Spider-Man Proves Why the Movies Shouldn’t Ignore His Childhood Trauma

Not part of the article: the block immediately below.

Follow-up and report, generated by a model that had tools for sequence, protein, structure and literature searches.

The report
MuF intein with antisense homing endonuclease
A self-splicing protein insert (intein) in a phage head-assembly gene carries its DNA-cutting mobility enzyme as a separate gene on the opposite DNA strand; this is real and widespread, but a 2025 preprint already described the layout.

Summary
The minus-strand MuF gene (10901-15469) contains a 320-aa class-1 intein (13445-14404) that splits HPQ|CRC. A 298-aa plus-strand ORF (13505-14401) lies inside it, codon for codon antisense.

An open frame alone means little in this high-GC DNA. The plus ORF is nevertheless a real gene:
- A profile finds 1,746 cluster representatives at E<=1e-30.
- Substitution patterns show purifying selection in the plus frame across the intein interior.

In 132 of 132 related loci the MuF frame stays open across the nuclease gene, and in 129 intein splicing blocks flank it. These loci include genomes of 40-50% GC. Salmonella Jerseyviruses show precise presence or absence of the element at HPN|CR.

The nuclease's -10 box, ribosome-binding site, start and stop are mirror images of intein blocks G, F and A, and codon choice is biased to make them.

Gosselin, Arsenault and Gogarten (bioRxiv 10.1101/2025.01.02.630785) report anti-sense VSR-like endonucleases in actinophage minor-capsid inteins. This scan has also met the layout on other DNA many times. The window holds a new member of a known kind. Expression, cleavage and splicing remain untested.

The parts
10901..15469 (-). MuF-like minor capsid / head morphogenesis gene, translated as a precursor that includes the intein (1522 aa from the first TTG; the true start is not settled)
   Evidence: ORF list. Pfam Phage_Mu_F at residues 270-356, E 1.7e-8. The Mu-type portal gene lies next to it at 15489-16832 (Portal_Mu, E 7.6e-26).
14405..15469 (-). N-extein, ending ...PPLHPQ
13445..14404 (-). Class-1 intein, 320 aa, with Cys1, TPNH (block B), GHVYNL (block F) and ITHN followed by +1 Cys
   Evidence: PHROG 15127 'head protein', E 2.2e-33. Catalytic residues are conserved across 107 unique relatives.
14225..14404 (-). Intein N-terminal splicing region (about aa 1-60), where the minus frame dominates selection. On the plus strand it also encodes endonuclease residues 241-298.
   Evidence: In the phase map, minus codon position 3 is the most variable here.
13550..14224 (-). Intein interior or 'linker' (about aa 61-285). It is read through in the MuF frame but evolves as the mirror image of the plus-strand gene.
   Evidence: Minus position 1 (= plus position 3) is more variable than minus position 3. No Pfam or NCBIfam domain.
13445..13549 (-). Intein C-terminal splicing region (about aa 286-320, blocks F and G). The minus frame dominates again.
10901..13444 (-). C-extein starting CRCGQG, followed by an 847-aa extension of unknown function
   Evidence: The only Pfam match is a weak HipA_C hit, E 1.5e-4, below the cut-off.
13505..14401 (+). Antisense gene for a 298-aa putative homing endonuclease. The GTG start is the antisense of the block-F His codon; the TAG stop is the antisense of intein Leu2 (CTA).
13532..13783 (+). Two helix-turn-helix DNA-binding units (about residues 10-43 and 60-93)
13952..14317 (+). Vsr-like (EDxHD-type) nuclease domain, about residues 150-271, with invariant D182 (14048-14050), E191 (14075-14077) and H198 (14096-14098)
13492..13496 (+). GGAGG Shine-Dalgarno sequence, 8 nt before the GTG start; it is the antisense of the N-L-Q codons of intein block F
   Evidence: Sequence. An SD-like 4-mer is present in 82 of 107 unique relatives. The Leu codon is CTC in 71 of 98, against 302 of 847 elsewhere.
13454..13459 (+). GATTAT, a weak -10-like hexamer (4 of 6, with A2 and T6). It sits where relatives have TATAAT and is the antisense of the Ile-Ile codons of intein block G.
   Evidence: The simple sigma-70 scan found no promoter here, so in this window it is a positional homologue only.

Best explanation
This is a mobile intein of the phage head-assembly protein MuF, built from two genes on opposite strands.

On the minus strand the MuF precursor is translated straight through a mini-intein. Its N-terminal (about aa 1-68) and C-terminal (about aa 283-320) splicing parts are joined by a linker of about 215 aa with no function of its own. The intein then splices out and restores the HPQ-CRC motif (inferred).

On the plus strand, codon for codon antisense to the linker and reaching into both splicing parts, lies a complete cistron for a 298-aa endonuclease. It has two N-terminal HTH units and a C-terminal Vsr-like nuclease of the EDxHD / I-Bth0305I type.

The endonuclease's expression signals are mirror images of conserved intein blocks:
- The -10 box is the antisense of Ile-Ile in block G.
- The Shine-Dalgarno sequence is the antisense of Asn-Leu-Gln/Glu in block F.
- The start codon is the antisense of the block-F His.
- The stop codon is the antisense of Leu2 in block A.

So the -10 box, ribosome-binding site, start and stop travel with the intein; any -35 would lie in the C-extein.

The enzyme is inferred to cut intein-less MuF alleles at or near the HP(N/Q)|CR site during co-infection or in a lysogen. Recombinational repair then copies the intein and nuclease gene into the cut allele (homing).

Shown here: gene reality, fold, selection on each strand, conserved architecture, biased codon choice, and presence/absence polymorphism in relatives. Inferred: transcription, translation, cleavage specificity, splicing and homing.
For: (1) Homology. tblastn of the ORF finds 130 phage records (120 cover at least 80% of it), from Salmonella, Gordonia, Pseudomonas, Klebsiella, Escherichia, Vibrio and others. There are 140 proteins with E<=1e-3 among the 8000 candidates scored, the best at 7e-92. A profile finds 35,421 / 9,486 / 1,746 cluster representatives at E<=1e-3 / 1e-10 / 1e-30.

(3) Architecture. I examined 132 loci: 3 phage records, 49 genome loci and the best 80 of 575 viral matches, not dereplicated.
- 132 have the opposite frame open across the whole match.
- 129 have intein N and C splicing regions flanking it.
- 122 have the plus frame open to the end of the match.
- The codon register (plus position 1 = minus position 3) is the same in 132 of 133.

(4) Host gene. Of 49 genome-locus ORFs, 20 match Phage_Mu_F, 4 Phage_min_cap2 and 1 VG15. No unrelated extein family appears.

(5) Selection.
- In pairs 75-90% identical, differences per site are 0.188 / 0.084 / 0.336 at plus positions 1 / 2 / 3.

Warning: spoilers for The Amazing Spider-Man #2 are ahead. ,It may sound cliché, but Spider-Man’s confidence in dealing with even the scariest villains stems from navigating the horrors of his high school experience as Peter Parker – which was far darker in Marvel Comics than his family-friendly movies let on. The extent of the trauma that Peter Parker endured daily in the comic books, primarily at the hands of Eugene “Flash” Thompson, is something that has galvanized him as a hero and an experience that he still reflects on to this day. On a deeper level, this is also presented as the reason that the radioactive spider found and empowered him in the first place, suggesting that his origin was no accident.,Though the original Spider-Man trilogy directed by Sam Raimi and the MCU trilogy both touch upon the abuse and social isolation Peter Parker feels in high school, the comics presented him with far greater misery. On the page, Thompson’s bullying is more menacing and relentless in nature, including berating Peter for his bookish ways, busting his glasses, and referring to him derisively as “Puny Parker.” Given that Spider-Man’s alter ego appears scrawnier in the comics and that Flash feels more physically imposing, the threat of violence exists in a more pronounced way. This is why it is a bigger turning point for Parker’s personal growth when he finally stands up to his bully.,Related: Amazing Spider-Man’s Biggest Mistake Gets Even Worse in Marvel Comics,As a callback to his days of being bullied in high school, Peter Parker notes in The Amazing Spider-Man #2 by Zeb Wells and John Romita Jr. that Tombstone’s attempts to intimidate Spider-Man are in line with the view of villains as overpowered bullies. This is a class of scoundrel that he has dealt with often in his daily life. Parker says of the self-styled crime boss, “He’s a bully. He tries to move into your head. But I’ve been dealing with bullies my whole life. Threats don’t work on me.”,It slips under the radar, but Spider-Man’s intimate understanding of being the little guy may be just as consequential to his desire to protect the city as Uncle Ben’s famous advice of “With great power, comes great responsibility.” That is why when Uncle Ben abandoned this rhetoric, Spider-Man remained undeterred and still found a way to do what was right. When there was a mysticism added to Peter Parker’s fateful radioactive spider bite by The Gatekeeper in Amazing Spider-Man #507 by J. Michael Straczynski and John Romita Jr., this deity said it was precisely because of how he had suffered and longed to strike back that he was chosen. His list of abuse was extensive, describing times when he had been “tripped, struck, beaten and humiliated before others.”,His unfortunate history with bullying puts so much of Parker’s personality and ideals into better perspective, whether it is his dogged determination to get back up after any significant physical or psychological blows or Spider-Man’s ability to disarm his foes with humor. His banter is not just to amuse himself and others – but serves as a way to flip the script on bullies, laughing at them instead of being intimidated by them. With the pervasiveness of bullying in the real world, it is important to drill down into the torment that even one of the most likable heroes of all time suffered. By providing Peter Parker‘s trauma only in small doses in his big screen adventures, much of what has made Spider-Man so relatable, and an animus that drives him to this day, is missed.,Next: Marvel Comics Is Cheating Readers With Latest Spider-Man Cover,The Amazing Spider-Man #2 is available now from Marvel Comics.